and of that refinement which is sure to spring thence; but when the
    conversation turns on literature or any subject that offers a test
    for the intellect, you usually felt that their opinions were rather
    imitative than original, rather sentimental than sound.  Those who
    have only seen Mrs. Arnold once will necessarily, I think, judge of
    her unfavourably; her manner on introduction disappointed me
    sensibly, as lacking that genuineness and simplicity one seemed to
    have a right to expect in the chosen life-companion of Dr. Arnold.
    On my remarking as much to Mrs. Gaskell and Sir J. K. Shuttleworth, I
    was told for my consolation it was a "conventional manner," but that
    it vanished on closer acquaintance; fortunately this last assurance
    proved true.  It is observable that Matthew Arnold, the eldest son,
    and the author of the volume of poems to which you allude, inherits
    his mother's defect.  Striking and prepossessing in appearance, his
    manner displeases from its seeming foppery.  I own it caused me at
    first to regard him with regretful surprise; the shade of Dr. Arnold
    seemed to me to frown on his young representative.  I was told,
    however, that "Mr. Arnold improved upon acquaintance."  So it was:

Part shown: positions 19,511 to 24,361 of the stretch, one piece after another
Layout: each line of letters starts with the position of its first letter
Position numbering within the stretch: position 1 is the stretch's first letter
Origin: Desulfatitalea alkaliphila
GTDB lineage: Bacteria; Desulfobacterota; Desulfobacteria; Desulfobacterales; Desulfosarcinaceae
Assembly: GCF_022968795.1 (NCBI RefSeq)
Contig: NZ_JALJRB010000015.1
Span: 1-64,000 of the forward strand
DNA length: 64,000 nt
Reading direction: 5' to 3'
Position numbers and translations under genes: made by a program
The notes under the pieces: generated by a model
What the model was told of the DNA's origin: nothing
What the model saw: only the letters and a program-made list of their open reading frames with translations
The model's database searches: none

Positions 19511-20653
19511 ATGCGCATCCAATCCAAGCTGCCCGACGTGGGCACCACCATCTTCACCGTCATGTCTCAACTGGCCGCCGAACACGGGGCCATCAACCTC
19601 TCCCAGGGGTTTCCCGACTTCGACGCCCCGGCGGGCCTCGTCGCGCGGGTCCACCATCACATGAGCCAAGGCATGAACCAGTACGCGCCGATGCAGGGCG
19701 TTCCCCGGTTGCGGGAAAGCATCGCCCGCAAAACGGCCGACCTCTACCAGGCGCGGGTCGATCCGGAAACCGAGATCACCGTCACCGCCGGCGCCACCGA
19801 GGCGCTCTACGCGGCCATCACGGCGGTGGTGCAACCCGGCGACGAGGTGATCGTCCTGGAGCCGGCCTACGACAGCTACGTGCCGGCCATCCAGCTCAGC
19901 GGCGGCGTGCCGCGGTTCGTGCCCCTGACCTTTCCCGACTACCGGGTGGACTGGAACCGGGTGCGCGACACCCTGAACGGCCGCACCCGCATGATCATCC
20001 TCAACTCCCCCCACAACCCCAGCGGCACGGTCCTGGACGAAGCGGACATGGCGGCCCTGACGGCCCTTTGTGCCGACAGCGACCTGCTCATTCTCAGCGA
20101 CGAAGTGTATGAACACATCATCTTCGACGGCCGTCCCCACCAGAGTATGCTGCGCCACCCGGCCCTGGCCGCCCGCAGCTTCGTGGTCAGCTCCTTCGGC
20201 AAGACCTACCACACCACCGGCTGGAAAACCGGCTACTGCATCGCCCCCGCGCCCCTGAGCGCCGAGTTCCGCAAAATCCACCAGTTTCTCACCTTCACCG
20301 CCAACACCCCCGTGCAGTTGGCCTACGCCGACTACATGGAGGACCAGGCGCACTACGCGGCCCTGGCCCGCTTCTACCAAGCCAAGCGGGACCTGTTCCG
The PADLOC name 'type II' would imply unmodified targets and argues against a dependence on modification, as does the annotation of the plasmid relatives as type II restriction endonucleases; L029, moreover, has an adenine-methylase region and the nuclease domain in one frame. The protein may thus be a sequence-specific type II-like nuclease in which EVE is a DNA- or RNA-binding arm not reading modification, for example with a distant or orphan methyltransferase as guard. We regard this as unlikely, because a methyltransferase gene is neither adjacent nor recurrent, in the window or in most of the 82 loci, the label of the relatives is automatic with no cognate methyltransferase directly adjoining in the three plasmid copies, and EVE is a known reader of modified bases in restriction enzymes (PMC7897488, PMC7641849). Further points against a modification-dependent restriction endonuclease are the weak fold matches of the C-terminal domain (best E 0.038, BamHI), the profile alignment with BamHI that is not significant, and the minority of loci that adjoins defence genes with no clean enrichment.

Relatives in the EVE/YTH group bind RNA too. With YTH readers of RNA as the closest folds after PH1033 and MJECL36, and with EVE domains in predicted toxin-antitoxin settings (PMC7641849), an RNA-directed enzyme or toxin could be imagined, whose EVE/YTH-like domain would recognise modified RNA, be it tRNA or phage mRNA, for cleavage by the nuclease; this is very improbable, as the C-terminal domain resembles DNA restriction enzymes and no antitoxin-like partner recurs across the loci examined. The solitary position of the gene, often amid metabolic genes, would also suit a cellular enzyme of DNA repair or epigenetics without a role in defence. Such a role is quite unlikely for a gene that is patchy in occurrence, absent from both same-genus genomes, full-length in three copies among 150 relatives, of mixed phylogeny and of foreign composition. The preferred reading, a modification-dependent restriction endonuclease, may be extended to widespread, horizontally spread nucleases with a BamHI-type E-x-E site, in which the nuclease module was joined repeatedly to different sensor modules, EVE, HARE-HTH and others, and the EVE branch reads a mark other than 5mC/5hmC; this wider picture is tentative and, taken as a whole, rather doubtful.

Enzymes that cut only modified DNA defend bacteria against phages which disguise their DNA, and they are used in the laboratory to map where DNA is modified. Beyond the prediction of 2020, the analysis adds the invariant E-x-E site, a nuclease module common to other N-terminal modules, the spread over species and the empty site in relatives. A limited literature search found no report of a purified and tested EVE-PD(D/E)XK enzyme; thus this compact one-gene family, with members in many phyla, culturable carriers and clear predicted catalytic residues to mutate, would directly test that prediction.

ere long a real modesty appeared under his assumed conceit, and some
    genuine intellectual aspirations, as well as high educational
    acquirements, displaced superficial affectations.  I was given to
    understand that his theological opinions were very vague and
    unsettled, and indeed he betrayed as much in the course of
    conversation.  Most unfortunate for him, doubtless, has been the
    untimely loss of his father.

    'My visit to Westmoreland has certainly done me good.  Physically, I
    was not ill before I went there, but my mind had undergone some
    painful laceration.  In the course of looking over my sister's
    papers, mementos, and memoranda, that would have been nothing to
    others, conveyed for me so keen a sting.  Near at hand there was no
    means of lightening or effacing the sad impression by refreshing
    social intercourse; from my father, of course, my sole care was to
    conceal it--age demanding the same forbearance as infancy in the
    communication of grief.  Continuous solitude grew more than I could
    bear, and, to speak truth, I was glad of a change.  You will say that
    we ought to have power in ourselves either to bear circumstances or